Thursday, September 2, 2021

Withrow and Lammons Stun Top Seeds in US Open Men's Doubles; National 18s Champions Krueger and Montgomery Advance in Women's Doubles; Svajda Falls Short; US Open Junior Qualifying Begins Friday

After the awful night of weather Wednesday, Thursday at the US Open was bright and sunny, and all manner of unexpected results surfaced. None was bigger than the win by the wild card team of Jackson Withrow(Texas A&M) and Nathaniel Lammons(SMU), who took down top seeds Nikola Mektic and Mate Pavic of Croatia 6-2, 7-5. 

That result, given the lack of experience in majors for Withrow and Lammons, and the great year that Mektic and Pavic are having (three Masters title, the Wimbledon title and the Olympic gold medal), makes it one of the most shocking men's doubles upsets at the US Open this century. Mektic and Pavic saved two match points late in the second set, but Withrow and Lammons didn't buckle under that pressure and served it out.

Another notable doubles result this evening was the completion of a match interrupted by rain yesterday. USTA 18s champions Ashlyn Krueger and Robin Montgomery who led Jessica Pegula and Asia Muhammad 6-2, 1-1 when the match resumed, managed to hold off the No. 13 seeds in a second set tiebreaker for a 6-2, 7-6(5) victory.

I watched most of the three-hours and 33 minutes that 2021 Kalamazoo 18s champion Zachary Svajda was on court against No. 13 seed Jannik Sinner of Italy, and although Svajda came out on the short end of the 6-3, 7-6(2), 6-7(6), 6-4 score, he did prove that he could hold his own with those at the top of the men's game. 

Svajda didn't look as confident to start as he did against Marco Cecchinato in the first round, and he was more comfortable deep behind the baseline, allowing Sinner more room to dictate, but he began to improve his court positioning in the second and third sets, and used his backhand to great advantage. 

I asked him after the match if he thought his experience in 2019 helped him take this next step, as there are often reservations expressed about giving the Kalamazoo 18s champion a main draw wild card.

"Back in 2019, I didn't really know what to expect, I was just trying to get a few games," Svajda said. "Of course I was trying to win, but I'd never played against these top guys. I went five sets and saw I could hang with top guys...it was nice to see that at 16, so when I won Kalamazoo[again] I felt like I could win a couple of matches. Kalamazoo is a tough tournament; it's a lot of matches and it's the best people under 18 in the United States. I agree they should definitely deserve it for sure."

Two other Americans who first played the US Open as Kalamazoo 18s champions are into the third round, with 2018 winner Jenson Brooksby beating Taylor Fritz 6-7(7), 7-6(10), 7-5, 6-2 in four hours and Jack Sock, who won Kalamazoo in 2010 and 2011, defeating No. 31 seed Alexander Bublik of Kazakhstan 7-6(7), 6-7(2). 6-4, 4-6, 6-3 in three-and-a-half hours.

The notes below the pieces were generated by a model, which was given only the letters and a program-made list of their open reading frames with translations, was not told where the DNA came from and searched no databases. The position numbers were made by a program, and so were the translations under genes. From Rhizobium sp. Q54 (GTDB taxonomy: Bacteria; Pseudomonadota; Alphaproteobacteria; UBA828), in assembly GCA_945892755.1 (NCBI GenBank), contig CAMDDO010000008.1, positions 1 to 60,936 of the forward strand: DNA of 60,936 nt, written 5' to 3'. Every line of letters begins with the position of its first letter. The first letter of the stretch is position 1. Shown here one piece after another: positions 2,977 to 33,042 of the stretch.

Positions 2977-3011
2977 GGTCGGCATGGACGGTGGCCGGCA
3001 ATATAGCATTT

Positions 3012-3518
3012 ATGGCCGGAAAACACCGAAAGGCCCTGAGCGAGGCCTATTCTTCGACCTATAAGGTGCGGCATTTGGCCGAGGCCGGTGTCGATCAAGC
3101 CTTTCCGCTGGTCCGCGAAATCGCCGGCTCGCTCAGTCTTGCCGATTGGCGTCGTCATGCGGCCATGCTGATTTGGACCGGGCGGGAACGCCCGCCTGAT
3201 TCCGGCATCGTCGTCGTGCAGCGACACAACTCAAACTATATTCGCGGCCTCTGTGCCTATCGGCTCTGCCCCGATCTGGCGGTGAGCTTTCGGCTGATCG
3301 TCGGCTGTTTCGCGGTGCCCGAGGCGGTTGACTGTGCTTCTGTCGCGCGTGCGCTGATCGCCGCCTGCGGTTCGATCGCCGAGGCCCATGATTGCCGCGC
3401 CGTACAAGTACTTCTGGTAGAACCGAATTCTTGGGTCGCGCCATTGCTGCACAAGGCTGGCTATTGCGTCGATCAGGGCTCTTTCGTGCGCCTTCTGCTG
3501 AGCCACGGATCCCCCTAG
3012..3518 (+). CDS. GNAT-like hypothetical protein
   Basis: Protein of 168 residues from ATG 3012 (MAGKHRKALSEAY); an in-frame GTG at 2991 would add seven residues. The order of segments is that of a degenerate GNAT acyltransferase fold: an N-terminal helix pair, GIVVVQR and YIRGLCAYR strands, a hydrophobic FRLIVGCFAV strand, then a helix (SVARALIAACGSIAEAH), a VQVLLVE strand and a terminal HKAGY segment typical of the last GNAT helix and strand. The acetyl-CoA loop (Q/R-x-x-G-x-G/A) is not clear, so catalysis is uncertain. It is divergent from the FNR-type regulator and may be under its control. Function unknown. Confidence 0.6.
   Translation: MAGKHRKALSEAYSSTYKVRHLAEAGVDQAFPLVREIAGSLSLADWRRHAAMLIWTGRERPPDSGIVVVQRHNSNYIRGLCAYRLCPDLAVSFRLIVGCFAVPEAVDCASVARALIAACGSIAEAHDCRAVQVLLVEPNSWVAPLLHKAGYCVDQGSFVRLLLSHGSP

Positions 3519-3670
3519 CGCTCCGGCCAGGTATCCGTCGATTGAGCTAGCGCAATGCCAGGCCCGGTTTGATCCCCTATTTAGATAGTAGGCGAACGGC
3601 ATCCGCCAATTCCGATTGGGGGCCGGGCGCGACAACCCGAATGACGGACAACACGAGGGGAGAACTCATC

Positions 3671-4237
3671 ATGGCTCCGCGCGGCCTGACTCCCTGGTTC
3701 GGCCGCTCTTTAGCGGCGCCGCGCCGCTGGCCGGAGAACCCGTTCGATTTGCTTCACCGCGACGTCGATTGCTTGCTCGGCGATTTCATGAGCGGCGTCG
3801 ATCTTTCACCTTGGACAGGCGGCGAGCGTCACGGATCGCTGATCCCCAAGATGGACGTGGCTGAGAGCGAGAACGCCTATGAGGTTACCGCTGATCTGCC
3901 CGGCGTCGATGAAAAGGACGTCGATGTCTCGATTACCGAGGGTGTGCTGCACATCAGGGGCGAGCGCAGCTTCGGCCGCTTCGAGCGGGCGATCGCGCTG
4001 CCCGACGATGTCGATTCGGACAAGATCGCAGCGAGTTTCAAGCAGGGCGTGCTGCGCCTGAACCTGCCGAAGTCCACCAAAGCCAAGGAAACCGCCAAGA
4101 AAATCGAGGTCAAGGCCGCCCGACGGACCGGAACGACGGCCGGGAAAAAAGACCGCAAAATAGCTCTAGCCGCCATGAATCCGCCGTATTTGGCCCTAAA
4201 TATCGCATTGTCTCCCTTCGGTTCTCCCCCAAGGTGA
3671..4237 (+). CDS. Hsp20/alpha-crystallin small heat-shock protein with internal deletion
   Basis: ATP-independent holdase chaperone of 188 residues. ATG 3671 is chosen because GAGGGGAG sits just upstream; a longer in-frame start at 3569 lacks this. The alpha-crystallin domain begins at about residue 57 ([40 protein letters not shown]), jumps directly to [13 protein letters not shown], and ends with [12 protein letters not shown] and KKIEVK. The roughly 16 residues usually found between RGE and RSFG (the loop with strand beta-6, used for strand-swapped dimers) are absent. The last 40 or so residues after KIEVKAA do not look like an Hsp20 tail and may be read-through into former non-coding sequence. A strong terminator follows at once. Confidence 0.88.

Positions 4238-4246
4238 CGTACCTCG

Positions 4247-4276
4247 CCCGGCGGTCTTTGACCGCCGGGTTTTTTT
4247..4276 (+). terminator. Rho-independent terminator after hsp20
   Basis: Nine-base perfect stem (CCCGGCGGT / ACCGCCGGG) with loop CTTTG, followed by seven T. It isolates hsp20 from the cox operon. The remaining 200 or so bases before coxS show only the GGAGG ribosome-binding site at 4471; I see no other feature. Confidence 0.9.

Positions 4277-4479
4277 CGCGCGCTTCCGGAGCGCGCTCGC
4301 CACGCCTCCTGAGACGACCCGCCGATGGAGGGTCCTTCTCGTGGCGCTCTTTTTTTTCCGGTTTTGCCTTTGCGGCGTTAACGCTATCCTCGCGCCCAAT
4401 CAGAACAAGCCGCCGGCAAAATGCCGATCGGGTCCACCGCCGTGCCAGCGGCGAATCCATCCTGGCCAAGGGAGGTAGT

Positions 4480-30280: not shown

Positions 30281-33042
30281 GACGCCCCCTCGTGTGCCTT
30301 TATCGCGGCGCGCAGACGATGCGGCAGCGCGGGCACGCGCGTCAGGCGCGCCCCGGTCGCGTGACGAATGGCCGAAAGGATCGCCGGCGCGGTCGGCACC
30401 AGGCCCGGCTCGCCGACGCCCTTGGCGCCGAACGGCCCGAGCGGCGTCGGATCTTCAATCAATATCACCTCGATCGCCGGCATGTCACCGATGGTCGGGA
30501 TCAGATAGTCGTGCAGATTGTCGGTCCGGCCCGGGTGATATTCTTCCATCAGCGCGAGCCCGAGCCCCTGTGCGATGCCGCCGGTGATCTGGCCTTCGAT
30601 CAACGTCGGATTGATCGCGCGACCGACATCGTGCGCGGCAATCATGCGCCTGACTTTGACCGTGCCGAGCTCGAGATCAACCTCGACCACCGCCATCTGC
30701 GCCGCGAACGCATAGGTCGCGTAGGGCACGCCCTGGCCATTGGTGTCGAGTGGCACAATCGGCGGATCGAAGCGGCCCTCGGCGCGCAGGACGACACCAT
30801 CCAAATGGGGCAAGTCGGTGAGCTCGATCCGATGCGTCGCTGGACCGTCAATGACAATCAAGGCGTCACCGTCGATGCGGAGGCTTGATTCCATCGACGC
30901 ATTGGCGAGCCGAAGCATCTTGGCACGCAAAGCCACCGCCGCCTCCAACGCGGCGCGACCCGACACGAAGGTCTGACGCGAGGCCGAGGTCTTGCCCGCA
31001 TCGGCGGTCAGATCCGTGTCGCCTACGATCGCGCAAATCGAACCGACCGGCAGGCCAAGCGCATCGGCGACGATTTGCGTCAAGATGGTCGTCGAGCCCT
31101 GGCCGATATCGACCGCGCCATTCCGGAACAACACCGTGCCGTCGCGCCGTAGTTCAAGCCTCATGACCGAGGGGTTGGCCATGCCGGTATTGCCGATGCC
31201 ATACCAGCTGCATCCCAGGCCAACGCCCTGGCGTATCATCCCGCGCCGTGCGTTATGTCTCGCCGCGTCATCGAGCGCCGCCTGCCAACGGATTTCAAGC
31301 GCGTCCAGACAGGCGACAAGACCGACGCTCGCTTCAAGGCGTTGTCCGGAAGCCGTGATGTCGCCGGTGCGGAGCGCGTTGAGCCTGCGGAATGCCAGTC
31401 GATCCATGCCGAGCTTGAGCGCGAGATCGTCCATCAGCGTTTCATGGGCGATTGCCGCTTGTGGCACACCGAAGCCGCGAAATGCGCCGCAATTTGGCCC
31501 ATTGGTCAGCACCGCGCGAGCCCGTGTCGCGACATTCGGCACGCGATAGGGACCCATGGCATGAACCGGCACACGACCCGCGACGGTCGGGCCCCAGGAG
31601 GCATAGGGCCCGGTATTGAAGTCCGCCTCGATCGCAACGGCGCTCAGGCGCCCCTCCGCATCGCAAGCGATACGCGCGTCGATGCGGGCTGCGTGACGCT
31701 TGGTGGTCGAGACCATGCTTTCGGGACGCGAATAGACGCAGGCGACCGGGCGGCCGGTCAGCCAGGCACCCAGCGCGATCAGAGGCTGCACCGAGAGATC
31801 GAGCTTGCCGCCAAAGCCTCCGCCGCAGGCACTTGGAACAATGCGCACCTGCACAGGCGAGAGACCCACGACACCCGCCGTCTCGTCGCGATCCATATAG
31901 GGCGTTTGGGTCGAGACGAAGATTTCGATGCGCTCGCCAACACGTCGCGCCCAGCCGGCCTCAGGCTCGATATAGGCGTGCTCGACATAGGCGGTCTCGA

The qualifying for six main draw spots in the US Open Junior Championships begins at 10:00 am Friday at the Cary Leeds Tennis Center in the Bronx.

US girls in qualifying are Ariana Pursoo[WC], Qavia Lopez, Alexia Harmon, Valencia Xu[4], Katja Wiersholm[WC] and Theadora Rabman[WC]. Lopez was initially given a wild card but got in on her ranking, so the wild card went to Wiersholm. 

ITF J1 College Park finalists Brenda Fruhvirtova(CZE) and Mirra Andreeva(RUS) are the top two seeds in the girls draw.

The US boys in qualifying are Nicholas Heng[WC], Kyle Kang[WC], Azuma Visaya, Braden Shick, Sebastian Gorzny[WC] and Benjamin Kittay.

Kalin Ivanovski of Macedonia and German Samofalov of Ukraine, a freshman at Alabama, are the top two boys seeds in qualifying.

Thursday's second round results of Americans:

Karolina Pliskova[4](CZE) d. Amanda Anisimova 7-5, 6-7(5), 7-6(7)
Bianca Andreescu[6](CAN) d. Lauren Davis 6-4, 6-4
Shelby Rogers d. Sorana Cirstea(ROU) 7-5, 6-2
Jessica Pegula[23] d. Misaki Doi(JPN) 6-3, 6-2

Gael Monfils[17](FRA) d. Steve Johnson 7-5, 4-6, 6-4, 6-4
Jenson Brooksby[WC] d. Taylor Fritz 6-7(7), 7-6(10), 7-5, 6-2
Reilly Opelka[22] d. Lorenzo Musetti(ITA) 7-6(1), 7-5, 6-4
Kei Nishikori(JPN) d. Mackenzie McDonald 7-6(3), 6-3, 6-7(5), 2-6, 6-3
Jack Sock[WC] d. Alexander Bublik(KAZ) 7-6(7), 6-7(2). 6-4, 4-6, 6-3
Jannik Sinner[13](ITA) d. Zachary Svajda[WC] 6-3, 7-6(2), 6-7(6), 6-4
Oscar Otte[Q](GER) d. Denis Kudla 6-4, 6-4, 6-2
Lloyd Harris(RSA) d. Ernesto Escobedo[WC] 6-4, 6-4, 6-2
Nikoloz Basilashvili(GEO) d. Maxime Cressy[Q] 7-6(3), 6-3, 7-5

Friday's third round singles matches featuring Americans:

Frances Tiafoe v Andrey Rublev[5](RUS)
Sloane Stephens v Angelique Kerber[16](GER)
Danielle Collins[26] v Aryna Sabalenka[2](BLR)


guest said...

Cary Leeds is a great facility but it is a shame to have the junior qualifying there. Parking is a challenge and it limits exposure of what is very high quality tennis. These kids should get the buzz of the US Open and play on the outer practice courts in Queens. Playing in Queens also gives juniors who are attending the US Open to see the pros a chance to see the level of some of the best juniors in the world.